Canadian Heritage Minister Steven Guilbeault has cited the need to improve the “discoverability” of Canadian content as a critical reason to support Bill C-10, his Broadcasting Act reform bill. Speaking of his daughter’s use of digital services, Guilbeault told the House of Commons that the bill “will allow her not only to take advantage of an international offering, but also to discover Canadian content.” While few would oppose ensuring that Canadian content is easy to find and well marketed, the Broadcasting Act blunder series continues today with a look at the evidence on the issue of discoverability, finding there is little to support claims that regulatory intervention for streaming services is needed.
Bill C-10 includes a new discoverability requirement, providing at Section 9.1(1):
The Commission may, in furtherance of its objects, make orders imposing conditions on the carrying on of broadcasting undertakings that the Commission considers appropriate for the implementation of the broadcasting policy set out in subsection 3(1), including conditions respecting
(b) the presentation of programs for selection by the public, including the discoverability of Canadian programs;
The term “discoverability” does not appear elsewhere in the bill and is not defined. It will therefore fall to the CRTC to decide what it means and what conditions are imposed on Internet services as a result. Based on the Canadian cultural debate of the past few years, it can be expected that the CRTC will be urged to require services such as Netflix or Disney+ to override their algorithms that identify what subscribers are likely to want to see by actively promoting Canadian content regardless of their preferred content.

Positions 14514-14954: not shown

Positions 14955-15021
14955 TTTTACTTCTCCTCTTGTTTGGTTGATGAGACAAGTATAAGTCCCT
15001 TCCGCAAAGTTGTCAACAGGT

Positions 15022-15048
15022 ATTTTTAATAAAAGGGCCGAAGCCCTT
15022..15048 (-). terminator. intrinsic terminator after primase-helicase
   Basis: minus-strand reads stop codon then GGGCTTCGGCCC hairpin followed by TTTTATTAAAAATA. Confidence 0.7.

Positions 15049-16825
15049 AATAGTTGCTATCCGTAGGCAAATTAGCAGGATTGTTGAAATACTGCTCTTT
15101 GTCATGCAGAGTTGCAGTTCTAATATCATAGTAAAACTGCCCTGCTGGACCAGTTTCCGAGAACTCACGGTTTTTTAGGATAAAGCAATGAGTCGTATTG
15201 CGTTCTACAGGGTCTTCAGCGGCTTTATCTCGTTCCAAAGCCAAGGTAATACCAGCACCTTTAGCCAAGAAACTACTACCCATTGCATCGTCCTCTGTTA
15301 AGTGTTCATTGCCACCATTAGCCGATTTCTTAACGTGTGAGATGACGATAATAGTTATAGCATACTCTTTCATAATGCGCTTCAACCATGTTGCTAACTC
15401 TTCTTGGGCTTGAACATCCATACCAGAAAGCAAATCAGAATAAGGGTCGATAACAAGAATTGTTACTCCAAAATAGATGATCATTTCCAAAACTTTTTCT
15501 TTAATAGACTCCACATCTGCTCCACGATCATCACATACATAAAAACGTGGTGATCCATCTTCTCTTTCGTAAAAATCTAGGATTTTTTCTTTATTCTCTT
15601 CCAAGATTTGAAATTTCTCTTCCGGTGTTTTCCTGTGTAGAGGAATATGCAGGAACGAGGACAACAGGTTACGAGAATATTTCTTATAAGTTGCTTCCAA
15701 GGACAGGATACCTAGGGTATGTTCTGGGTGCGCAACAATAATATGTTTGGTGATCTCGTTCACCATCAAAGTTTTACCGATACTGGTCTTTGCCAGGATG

The Broadcasting and Telecommunications Legislative Review panel, which recommended discoverability regulation. went looking for evidence of a discoverability problem and found very little. That report identified just two reports: a 2017 Price Waterhouse Cooper report called How Tech Will Transform Content Discovery and a 2016 report from Telefilm Canada titled Discoverability: Toward a Common Frame of Reference Part 2: The Audience Journey (the Telefilm Canada report is incorrectly cited as a 2018 report but actually dates to 2016).
The Price Waterhouse Coopers report involved a survey of 1,000 U.S. residents, had nothing to do with Canada, and said absolutely nothing about the ability to find or recognize Canadian content. The Telefilm Canada report was focused on Canada but did not find that Canadians have trouble finding Canadian content. Rather, it found a range of experiences and emphasized that “word-of-mouth is Canadians’ main discoverability method.” Two reports – one from the U.S. and the other four years old – does not make the case for new regulations requiring the CRTC to regulate the way online services make their content available to subscribers in Canada.
In fact, it is not hard to discover Canadian content on Netflix. Last year, I wrote specifically about this issue, creating a fresh Netflix account to see whether I could find Canadian programming and if the Netflix algorithm would adjust to my interests. The reality is that “discovering” Canadian content on Netflix only requires typing Canada into the search box. That immediately generates a Canadian Movies and TV section that features many shows and movies. Typing “Canadian” generates tabs for Canadian TV Shows, Canadian Movies, and Critically-acclaimed Canadian Movies, Canadian TV Comedies, and much more.